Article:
All of us have experienced that moment when you walk into a new job, a new place of worship, or even a new school. You feel like the odd man out. Everyone around you has been there for awhile and they have developed friendships. You stand around waiting for someone to talk to you, to notice you, but instead it feels like you are invisible. But then, someone walks up to you and says “Hi.” They extend a hand or offer you a hug. You begin to relax and become more yourself. It looks like it is going to be okay, maybe this new job, new church, new school won’t be so bad after all.
“And when Saul came up to Jerusalem, he tried to join the disciples; but they were all afraid of him, and did not believe that he was a disciple. But Barnabas took him and brought him to the apostles. And he declared to them how he had seen the Lord on the road, and that He had spoken to him, and how he had preached boldly at Damascus in the name of Jesus.” Acts 9:26-27
To think that Saul had trouble being accepted into the church body seems weird, since we know him as one of the greatest preachers ever to walk this earth. But to the disciples he was someone new, someone they had only heard about, and what they had heard was not pleasing to their ears. They were in all respects right in their fear of him. But, Barnabas was not so easily taken back. He saw a fellow brother in the Lord who needed fellowship, who needed to be connected to the body of Christ, and the only way to do that was for him to extend that hand of fellowship.
How many of us are willing to be Barnabas? How many of us are willing to step out of our comfort zones, out of our circle of friends at church and extend that hand of friendship to someone new? Someone we know very little about, someone we have only heard of, someone who we might even consider a threat? How many of us would be willing to extend that hand of fellowship and say, “Welcome to the family”?
“Thank God for people like…Barnabas who will welcome people into the family of God with simple friendship….Barnabas simply extended the love of Jesus to Saul…” (David Guziak, commentary on Acts 9:26-27, Blue Letter Bible) Saul was not welcomed right away. He stood on the outside looking in, wanting to be a part of the body of Christ, but needing the encouragement to step forward, needing a mediator, a friend to take his hand and lead him in. Barnabas, being the encourager that he was, opened his heart to Saul and showed him Jesus. He showed him that he was accepted, not because of what he looked like, who he was friends with, but because Jesus had accepted him. Saul was a family member, and allowing him to stand on the outside looking in, went against everything Jesus came to preach.
Up to this point Saul had not had any fellowship with the apostles; he had not had any fellowship except with those in Damascus and Arabia. He had not had any connection to the body of believers, the main church that was in Jerusalem. He needed someone to welcome him, to take his hand so that he could become rooted in the foundations that had been built. He needed a church body, and the only one willing to help him get that was Barnabas. Barnabas was willing to offer the hand of friendship and fellowship to Saul, which enabled him to become rooted and grounded in Christ. How many of us are willing to do the same? How many of us are willing to be a Barnabas to someone who is standing on the outside looking in?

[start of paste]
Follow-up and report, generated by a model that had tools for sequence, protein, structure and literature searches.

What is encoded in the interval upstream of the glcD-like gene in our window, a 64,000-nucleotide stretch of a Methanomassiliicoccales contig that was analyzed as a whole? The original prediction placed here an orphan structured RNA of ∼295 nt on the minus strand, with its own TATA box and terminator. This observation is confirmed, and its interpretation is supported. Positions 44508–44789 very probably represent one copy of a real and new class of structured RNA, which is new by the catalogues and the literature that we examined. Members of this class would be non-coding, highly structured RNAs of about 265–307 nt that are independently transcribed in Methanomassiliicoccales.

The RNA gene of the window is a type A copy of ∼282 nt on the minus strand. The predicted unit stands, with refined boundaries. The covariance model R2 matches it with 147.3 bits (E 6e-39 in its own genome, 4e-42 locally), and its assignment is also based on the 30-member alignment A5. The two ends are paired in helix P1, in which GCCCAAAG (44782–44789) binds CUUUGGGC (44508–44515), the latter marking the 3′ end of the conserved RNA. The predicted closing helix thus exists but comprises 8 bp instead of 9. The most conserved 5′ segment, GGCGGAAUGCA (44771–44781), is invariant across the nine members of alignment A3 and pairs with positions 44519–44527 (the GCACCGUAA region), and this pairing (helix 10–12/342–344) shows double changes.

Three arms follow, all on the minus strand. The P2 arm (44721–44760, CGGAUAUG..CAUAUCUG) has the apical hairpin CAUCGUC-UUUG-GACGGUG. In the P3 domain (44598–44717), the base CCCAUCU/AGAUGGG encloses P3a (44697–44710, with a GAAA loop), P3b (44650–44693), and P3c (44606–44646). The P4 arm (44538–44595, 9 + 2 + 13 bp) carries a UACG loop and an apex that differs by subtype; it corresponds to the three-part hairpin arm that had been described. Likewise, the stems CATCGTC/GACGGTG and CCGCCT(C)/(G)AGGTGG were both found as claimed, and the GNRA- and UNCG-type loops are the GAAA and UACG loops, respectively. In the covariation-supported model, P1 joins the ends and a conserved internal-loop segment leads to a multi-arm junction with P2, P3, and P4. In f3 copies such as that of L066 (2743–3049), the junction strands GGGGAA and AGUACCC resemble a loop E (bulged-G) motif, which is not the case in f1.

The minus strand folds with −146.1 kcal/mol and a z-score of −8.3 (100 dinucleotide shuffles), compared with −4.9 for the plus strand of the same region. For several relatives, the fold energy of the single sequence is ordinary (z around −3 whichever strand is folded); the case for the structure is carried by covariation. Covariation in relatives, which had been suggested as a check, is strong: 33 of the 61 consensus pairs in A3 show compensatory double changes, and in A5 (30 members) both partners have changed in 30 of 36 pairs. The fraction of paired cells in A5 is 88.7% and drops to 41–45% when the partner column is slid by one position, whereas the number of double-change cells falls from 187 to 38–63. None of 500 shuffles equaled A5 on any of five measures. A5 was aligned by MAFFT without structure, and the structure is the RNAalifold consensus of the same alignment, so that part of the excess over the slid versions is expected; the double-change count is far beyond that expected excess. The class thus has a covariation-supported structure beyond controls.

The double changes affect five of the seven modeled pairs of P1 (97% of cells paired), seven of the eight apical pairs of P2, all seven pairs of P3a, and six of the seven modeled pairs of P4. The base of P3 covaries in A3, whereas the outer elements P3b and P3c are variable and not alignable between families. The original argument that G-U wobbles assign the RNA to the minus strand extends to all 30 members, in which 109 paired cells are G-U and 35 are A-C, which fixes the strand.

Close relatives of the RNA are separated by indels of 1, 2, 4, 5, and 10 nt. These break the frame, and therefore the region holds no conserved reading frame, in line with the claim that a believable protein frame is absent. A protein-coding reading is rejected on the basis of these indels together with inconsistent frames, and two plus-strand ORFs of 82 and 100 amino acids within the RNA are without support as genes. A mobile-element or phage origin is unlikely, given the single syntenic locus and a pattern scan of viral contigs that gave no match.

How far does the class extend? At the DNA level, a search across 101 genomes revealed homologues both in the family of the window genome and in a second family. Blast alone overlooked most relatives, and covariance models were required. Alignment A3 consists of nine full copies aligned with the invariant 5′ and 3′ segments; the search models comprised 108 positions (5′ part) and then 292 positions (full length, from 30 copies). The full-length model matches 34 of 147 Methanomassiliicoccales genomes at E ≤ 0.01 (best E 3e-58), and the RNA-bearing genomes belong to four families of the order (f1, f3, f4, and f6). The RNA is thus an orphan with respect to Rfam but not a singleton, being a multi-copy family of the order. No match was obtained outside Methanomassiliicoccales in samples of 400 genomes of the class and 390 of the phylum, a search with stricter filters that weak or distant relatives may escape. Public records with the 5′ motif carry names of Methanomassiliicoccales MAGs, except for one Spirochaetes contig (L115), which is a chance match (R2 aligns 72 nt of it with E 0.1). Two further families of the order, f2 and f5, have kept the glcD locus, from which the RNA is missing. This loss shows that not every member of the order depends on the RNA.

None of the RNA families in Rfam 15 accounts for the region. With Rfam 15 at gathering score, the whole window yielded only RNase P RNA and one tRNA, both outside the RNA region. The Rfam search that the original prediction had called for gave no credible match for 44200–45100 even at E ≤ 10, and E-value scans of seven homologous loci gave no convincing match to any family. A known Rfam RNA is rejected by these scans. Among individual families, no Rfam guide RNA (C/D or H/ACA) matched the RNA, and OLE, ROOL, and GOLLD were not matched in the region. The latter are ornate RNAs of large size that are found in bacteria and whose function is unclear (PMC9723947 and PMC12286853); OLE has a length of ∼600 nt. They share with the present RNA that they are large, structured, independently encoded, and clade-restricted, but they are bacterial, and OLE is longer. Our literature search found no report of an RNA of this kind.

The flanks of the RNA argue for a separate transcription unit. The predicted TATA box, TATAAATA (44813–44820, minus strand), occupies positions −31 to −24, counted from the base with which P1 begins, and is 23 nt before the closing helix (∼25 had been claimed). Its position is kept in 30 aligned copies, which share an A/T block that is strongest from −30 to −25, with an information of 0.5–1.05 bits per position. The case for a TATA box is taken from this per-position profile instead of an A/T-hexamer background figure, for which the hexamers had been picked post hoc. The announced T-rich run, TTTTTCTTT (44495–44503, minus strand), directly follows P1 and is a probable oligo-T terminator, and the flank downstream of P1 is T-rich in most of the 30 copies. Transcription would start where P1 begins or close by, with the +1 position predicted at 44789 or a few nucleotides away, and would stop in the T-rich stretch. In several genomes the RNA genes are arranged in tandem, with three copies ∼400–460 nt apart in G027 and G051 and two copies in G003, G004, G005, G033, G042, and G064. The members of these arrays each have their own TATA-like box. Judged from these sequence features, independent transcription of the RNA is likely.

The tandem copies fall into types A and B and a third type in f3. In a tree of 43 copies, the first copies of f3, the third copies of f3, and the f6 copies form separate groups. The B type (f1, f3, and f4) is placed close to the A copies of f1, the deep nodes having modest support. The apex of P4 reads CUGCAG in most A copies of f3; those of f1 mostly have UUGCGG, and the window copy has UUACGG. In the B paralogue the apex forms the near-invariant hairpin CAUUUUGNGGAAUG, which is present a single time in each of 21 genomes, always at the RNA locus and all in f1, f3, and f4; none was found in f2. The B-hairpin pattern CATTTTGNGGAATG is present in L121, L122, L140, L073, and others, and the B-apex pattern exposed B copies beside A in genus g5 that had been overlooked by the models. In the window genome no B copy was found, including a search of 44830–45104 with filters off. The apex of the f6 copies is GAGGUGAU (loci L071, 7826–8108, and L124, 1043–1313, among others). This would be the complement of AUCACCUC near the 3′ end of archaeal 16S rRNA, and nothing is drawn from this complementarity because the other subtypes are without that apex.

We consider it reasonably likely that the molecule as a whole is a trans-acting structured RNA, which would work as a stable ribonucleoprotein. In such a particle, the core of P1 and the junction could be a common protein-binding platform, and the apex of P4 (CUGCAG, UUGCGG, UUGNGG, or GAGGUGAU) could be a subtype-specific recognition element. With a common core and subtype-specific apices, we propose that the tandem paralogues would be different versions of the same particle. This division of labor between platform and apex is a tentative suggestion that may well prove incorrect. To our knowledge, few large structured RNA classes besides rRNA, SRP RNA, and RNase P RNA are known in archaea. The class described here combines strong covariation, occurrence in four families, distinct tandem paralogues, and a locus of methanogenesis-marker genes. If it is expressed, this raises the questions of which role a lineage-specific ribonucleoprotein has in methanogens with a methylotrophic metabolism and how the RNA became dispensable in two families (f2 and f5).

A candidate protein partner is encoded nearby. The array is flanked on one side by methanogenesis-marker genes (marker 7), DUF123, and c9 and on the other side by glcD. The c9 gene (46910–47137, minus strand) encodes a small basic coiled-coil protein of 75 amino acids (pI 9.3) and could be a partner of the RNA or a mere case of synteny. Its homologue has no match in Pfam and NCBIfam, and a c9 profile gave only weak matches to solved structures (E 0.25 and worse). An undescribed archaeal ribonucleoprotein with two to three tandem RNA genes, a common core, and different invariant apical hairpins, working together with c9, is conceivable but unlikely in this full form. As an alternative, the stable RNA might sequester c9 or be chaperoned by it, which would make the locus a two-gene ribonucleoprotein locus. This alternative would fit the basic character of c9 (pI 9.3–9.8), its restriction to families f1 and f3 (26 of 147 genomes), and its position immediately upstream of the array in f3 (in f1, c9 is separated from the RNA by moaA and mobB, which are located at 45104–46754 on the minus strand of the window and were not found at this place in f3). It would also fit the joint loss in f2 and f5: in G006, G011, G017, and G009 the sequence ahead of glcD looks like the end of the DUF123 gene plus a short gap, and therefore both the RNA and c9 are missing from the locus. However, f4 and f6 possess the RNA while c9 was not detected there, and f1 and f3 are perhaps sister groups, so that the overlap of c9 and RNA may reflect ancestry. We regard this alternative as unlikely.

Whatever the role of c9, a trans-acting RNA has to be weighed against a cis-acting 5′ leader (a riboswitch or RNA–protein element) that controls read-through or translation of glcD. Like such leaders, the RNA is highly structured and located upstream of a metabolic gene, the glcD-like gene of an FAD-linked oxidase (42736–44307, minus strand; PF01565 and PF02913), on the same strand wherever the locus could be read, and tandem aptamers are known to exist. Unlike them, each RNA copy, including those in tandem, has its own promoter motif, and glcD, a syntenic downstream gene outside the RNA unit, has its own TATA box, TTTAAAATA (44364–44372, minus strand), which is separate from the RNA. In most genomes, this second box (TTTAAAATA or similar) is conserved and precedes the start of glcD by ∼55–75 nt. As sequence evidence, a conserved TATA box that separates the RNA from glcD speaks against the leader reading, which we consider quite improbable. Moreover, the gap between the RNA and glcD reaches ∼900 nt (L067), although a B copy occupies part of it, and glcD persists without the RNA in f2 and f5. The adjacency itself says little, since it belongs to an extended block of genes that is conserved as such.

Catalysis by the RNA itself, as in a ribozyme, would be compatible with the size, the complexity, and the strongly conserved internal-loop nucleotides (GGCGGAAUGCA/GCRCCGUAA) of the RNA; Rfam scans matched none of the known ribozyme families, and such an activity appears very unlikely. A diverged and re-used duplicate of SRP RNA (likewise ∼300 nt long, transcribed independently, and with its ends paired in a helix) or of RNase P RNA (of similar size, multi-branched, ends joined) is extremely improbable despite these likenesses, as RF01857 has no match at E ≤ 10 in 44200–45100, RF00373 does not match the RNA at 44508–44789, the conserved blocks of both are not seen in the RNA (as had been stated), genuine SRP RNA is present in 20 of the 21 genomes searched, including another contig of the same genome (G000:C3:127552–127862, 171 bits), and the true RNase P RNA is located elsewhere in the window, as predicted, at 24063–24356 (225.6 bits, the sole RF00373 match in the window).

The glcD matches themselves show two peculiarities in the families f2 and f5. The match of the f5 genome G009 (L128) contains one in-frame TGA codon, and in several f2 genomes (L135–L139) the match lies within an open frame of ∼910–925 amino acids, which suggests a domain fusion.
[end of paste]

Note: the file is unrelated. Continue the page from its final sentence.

We must be willing to reach outside of our comfort zones, outside of our circle of friends and extend the hands of fellowship, and encourage them to come inside. We must all be a Barnabas. There is no place for cliques in the church, and this interaction between Barnabas and Saul is proof of that. So many times we welcome someone on a Sunday, we hug them, we tell them how happy we are to see them, we talk to them for a few minutes, and then off we go to hang with our circle, our comfortable clique of friends. But where does that leave the Saul? Still standing on the outside looking in, still waiting to be accepted into a family that God has already said they were a part of. Everyone needs a church family to call home, a place where they can be who they are in Christ without fear of judgment or rejection. Barnabas was willing to be the mediator for Saul. He was willing to get to know Saul on a personal level so that he could then make a way for him to become a part of the body that was in Jerusalem.
Are you a Barnabas? Stop and think for a minute about all the people that have come and gone in your church. How many of them did you become a Barnabas for, and how many of them did we allow to stand on the outside looking in? Be a Barnabas this week. As you go into your place of worship and fellowship, look for those Saul’s. Get to know them, offer the hand of friendship as well as fellowship. Welcome them into the body of Christ. Welcome them to the family and help them to become rooted and grounded. Don’t just say hello, hug them and then return to your circle- be a Barnabas to someone, you will not only encourage them, but you will gain a brother or a sister for eternity.
I pray today that we would all become a Barnabas to someone today. That we would step out of our cliques and our circles and extend that hand of friendship, that we would take the time to see them standing there, looking in, and that we would be bold enough to offer that hand of friendship to them. Father, it is my prayer today that You would make us a church of Barnabas’ reaching out our hands to all the Saul’s who pass through our doors. In Jesus Name, amen and amen.